Speaker Benge, Commissioner Holland critique insurance reform veto
CapitolBeatOK Staff Report
Numerous agencies, including some of the state’s largest, were set to save millions from legislation that the Legislature’s two Republicans leaders believe would have streamlined state and education employee health insurance in an effort to lower costs for both the state and workers.
In a press release sent to CapitolBeatOK, Speaker of the House Chris Benge contended Governor Brad Henry’s veto of that legislation has left many agencies — who built those anticipated savings into their fiscal year 2011 budgets — looking for ways to fill those holes. Insurance Commissioner Kim Holland, a Democrat like Henry, expressed disappointment in his veto.
The veto also leaves state agencies, school districts and other entities that use HealthChoice insurance plans possibly facing as much as $75 million in premium increases if current trends continue, the Speaker contends.
Senate Bill 2052, by House Speaker Chris Benge and Senate President Pro Tempore Glenn Coffee, would have consolidated the Oklahoma State and Education Employees Group Insurance Board and the Oklahoma Employees Benefits Council into one entity called the Oklahoma Health and Wellness Board. At the end of the legislation session, the two Republican leaders had touted the measure as a significant improvement in the state’s provision of health insurance for government employees.
The legislation would have required a competitive and winner-take-all bidding process for a statewide HMO for state employees, in addition to current PPO insurance offerings. This change would have lowered the cost of an HMO plan for state employees through volume purchasing and decreased administrative costs, and would have in turn brought the state employee benefit allowance more in line with actual health insurance costs, Benge said today (Friday, June 18).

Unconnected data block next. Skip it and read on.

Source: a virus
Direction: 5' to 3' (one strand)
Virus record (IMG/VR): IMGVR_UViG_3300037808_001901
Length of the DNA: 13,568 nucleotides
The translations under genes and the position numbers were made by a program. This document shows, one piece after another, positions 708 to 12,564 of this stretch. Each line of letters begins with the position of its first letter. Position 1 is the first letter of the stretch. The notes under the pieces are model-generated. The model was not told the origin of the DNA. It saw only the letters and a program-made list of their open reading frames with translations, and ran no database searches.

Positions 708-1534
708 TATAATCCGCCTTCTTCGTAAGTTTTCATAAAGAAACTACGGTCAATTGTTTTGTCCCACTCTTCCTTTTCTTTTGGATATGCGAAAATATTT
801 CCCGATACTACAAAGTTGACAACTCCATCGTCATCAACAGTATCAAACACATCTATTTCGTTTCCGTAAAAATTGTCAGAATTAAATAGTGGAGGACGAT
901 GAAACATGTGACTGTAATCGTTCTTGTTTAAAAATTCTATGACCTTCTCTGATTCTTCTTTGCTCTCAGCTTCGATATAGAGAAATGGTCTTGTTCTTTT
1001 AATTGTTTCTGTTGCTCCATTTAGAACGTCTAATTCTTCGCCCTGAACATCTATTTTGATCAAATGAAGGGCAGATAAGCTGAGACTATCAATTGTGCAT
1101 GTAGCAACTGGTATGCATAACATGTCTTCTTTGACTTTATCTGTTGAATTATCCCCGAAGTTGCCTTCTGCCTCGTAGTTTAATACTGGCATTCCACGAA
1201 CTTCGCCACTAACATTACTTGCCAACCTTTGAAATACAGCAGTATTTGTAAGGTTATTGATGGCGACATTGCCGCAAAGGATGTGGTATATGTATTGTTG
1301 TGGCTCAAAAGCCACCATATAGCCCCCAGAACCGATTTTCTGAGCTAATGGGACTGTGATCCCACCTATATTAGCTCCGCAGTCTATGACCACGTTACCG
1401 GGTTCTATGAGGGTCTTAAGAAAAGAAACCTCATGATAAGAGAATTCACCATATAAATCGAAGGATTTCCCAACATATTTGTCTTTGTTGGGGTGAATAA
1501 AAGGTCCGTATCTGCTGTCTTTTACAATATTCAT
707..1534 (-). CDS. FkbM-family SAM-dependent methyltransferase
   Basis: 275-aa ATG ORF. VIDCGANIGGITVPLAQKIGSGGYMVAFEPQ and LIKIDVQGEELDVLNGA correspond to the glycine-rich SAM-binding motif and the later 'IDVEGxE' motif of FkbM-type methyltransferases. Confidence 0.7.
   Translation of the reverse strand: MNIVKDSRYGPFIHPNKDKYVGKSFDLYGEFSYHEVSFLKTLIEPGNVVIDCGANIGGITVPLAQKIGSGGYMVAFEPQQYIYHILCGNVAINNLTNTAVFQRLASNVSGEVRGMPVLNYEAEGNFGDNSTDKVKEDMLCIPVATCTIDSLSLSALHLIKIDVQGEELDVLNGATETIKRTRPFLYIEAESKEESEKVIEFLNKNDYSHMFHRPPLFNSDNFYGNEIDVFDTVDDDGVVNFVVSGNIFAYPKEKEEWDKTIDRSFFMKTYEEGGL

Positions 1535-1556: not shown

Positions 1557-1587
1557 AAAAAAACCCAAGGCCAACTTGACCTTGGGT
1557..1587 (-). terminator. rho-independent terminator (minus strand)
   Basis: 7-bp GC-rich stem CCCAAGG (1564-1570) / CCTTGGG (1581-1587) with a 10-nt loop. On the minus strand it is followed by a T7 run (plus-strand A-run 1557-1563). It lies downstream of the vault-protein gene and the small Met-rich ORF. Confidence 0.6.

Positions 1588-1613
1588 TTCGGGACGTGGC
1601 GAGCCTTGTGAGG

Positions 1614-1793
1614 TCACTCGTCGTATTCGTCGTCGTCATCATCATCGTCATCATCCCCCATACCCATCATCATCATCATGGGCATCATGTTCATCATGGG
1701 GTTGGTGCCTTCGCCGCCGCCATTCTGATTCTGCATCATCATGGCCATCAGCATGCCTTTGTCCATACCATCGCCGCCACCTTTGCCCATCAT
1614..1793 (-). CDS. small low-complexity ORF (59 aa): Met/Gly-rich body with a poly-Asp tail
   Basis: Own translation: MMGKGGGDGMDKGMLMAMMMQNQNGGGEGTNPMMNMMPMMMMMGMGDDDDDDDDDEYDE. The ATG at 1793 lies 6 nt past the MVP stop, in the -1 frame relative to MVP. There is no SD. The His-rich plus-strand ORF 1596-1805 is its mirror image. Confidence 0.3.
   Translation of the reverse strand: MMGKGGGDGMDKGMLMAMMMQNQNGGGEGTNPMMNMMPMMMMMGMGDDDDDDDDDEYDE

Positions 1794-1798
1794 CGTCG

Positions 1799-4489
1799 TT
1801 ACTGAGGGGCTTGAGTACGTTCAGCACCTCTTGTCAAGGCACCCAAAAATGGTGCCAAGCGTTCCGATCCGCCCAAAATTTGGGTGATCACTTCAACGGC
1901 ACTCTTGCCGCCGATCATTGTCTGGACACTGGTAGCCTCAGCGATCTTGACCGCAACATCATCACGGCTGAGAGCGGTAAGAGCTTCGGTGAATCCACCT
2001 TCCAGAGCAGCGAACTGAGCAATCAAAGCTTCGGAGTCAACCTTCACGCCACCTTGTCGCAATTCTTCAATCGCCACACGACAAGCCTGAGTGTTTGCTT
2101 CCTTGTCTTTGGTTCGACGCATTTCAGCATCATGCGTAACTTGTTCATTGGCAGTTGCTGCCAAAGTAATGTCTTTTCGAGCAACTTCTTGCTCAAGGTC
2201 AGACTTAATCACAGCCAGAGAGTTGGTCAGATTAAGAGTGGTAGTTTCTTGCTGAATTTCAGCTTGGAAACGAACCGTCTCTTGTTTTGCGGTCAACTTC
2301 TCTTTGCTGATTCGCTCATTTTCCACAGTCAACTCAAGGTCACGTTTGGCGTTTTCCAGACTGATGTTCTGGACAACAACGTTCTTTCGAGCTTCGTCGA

So as to not negatively impact existing state employees, the state employee benefit allowance was frozen by the legislation, and would have been indexed to the cost of the basic HealthChoice insurance plan, Benge’s release said.
Many state agencies were set to realize millions in savings as a result of the bill, including the Department of Human Services and the Department of Corrections. Benge’s staff release said the Department of Human Services had factored in $1.2 million in savings into the FY11 budget that will now have to be filled from other sources because of the veto.
The Department of Corrections stood to save $3.7 million if the bill had been signed into law, today’s release contended. Currently, the benefit allowance is calculated based on an average of all the current insurance plan offerings, including two HealthChoice options and multiple HMO plans.
Though the majority of state employees select one of the HealthChoice plans, the more-expensive HMO plans drive up the benefit allowance to a level often above the actual cost of the employee’s health insurance costs.
The average premium increase for a family on HealthChoice has been 10 percent annually over the last eight years. The average benefit allowance increase has been 12 percent (the portion paid by state agencies) in that same time. In 2007, the premium increase for a family on HealthChoice was 20 percent and the benefit allowance increased 23 percent.
The veto means that state agencies, school districts and all other entities that use HealthChoice, based on the last eight year trend, could see premium increases of nearly $75 million, Benge said. In his analysis, based on the current rate of growth in the benefit allowance, the total paid by agencies is expected to be about $43 million for 2011 because of the veto of S.B. 2052.